Help your baby get to sleep or at least stop crying

There are some secrets to helping a baby stop crying and get to sleep. I learned many of these techniques working as a nurse at Stanford in Pediatrics and in the Pediatric ICU there, where many of my colleagues were truly “baby whisperers.”  

As a new parent, you may be confronted with a gazillion new things to learn, cope with and react to, and chances are you haven’t had many opportunities to spend a lot of time around babies and children, which makes the learning curve in the first few months super steep and at times overwhelming.  

I mean, you have to learn how to feed this little person, help them stop crying, figure out why they’re crying, figure out why you’re crying, change their diapers, get some rest, recover from childbirth and take a few photos so you can remember this magical time. Fear not, I have some tips and advice.

#1 Swaddling Works

In the first few weeks, do swaddle your baby in a nice soft blankie. Most babies like the sensation of being held close and secure, just like their experience in the womb before birth. Remember they were snuggled in tight and gently rocked gently with every one of their mom’s movements. 

Image from Kelly Sikkema from Unsplash

By swaddling with their arms down, your baby will be less likely to startle and become re-stimulated by their arm movements, accidently touching their face and other jerky movements. Swaddling induces a calming reflex, so they can get some much needed rest, and so can you.

#2 Fake It Til you Make It!

Babies can smell fear at 20 yards! They don’t like being held by people who are unsure and hesitant. So, even if you’re not calm and confident, talk to yourself and try to get yourself into a calm and centered place. Tell yourself and your baby “I love my baby and I’m going to do my best to be patient and nurturing. I’m going to take my time and enjoy all of this, the diaper changes, the feedings, all of it.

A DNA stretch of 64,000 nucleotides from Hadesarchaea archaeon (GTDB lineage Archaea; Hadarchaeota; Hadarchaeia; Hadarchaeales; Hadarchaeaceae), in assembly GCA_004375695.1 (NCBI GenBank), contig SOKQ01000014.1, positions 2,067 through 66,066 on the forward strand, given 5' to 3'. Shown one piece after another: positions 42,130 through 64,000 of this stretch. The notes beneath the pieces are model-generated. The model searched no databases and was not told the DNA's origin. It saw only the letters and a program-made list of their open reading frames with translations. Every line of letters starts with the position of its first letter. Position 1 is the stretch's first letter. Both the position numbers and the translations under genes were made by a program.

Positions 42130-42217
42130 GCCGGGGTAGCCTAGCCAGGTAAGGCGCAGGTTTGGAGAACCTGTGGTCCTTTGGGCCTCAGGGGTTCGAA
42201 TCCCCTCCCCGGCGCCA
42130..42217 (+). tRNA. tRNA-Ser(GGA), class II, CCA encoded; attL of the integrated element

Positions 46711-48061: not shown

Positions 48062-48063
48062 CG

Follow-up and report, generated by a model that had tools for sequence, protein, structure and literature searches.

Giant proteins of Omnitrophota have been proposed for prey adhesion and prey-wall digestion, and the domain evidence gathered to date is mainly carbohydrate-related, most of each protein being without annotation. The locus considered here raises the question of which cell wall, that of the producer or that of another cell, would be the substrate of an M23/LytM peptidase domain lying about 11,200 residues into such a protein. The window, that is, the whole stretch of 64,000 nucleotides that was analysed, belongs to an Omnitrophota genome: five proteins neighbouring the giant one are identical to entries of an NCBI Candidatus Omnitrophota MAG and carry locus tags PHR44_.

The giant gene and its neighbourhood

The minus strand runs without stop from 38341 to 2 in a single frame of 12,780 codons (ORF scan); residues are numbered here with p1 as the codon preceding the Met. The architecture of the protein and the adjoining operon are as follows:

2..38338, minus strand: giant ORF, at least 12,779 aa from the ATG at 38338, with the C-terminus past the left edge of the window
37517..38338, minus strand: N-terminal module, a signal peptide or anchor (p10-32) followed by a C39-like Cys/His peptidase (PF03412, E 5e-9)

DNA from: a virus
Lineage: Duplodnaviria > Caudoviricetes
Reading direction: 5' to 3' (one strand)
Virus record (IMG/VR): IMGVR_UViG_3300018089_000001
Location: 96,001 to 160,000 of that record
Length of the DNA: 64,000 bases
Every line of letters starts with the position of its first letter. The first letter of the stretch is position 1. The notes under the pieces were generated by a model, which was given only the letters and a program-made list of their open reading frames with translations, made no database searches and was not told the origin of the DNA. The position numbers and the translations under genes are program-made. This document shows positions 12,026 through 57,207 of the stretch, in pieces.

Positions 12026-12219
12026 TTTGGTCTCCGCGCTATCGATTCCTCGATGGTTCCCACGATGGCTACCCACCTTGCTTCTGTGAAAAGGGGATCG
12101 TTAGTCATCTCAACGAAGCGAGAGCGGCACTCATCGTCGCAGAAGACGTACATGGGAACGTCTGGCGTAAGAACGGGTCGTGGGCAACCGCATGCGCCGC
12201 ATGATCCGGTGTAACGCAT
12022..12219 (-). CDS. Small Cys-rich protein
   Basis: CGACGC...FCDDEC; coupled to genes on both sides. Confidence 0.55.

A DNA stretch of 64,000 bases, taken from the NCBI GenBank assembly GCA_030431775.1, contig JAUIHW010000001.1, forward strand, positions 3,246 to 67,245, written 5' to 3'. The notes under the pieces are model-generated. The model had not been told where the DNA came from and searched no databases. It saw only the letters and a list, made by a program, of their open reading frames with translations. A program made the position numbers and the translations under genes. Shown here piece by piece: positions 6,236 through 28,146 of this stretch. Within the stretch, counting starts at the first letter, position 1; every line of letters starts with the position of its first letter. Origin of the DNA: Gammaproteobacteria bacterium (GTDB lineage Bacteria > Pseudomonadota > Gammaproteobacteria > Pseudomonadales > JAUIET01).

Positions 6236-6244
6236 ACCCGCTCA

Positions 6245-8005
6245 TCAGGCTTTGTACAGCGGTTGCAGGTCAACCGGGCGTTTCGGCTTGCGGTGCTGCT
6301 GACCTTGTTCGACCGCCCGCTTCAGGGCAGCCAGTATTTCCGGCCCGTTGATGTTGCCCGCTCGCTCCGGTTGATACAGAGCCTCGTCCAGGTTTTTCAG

I’m pretty much a type A person, alright, a perfectionist, who likes to get a lot done. With a new baby, all of that went out the window and I had to surrender the idea of accomplishing a fraction of my to do list. I used sit in a glider, put my swaddled son on my shoulder and rock him to sleep while looking at the piles of laundry, the dishes in the sink, the unopened bills, but also taking a deep breath and repeating the mantra, “I’ll clean the house when he’s in college. I’ll clean the house when he’s in college.” 

#3 Over the shoulder rocking

Placing a baby over your shoulder so that their tummy is resting against your chest and their head in cradled near your shoulder and neck is a soothing position. The baby will feel counter pressure on their tummy and feels the vibrations from your breathing through their body. 

If you rock or walk like this the gentle up and down motions will remind them of how safe and secure they felt in the womb. Singing and talking to them helps as well, especially when it’s a man’s voice because of the deeper tones and the soothing vibrations. 

With dads, babies also love this position when their dads talk to them, as their deeper voice creates soothing vibrations for the baby.  

 #4 Bonus tip: Use Flannel 

When you use flannel sheets in their bassinet, crib or bed, they are less likely to startle awake when their little cheek touches the bedding. Cotton tends to feel cold no matter what time of year, and flannel is soft and soothing.

I hope these tips help and please let me know if you or any other baby whisperer have any other tried and true techniques to try. 

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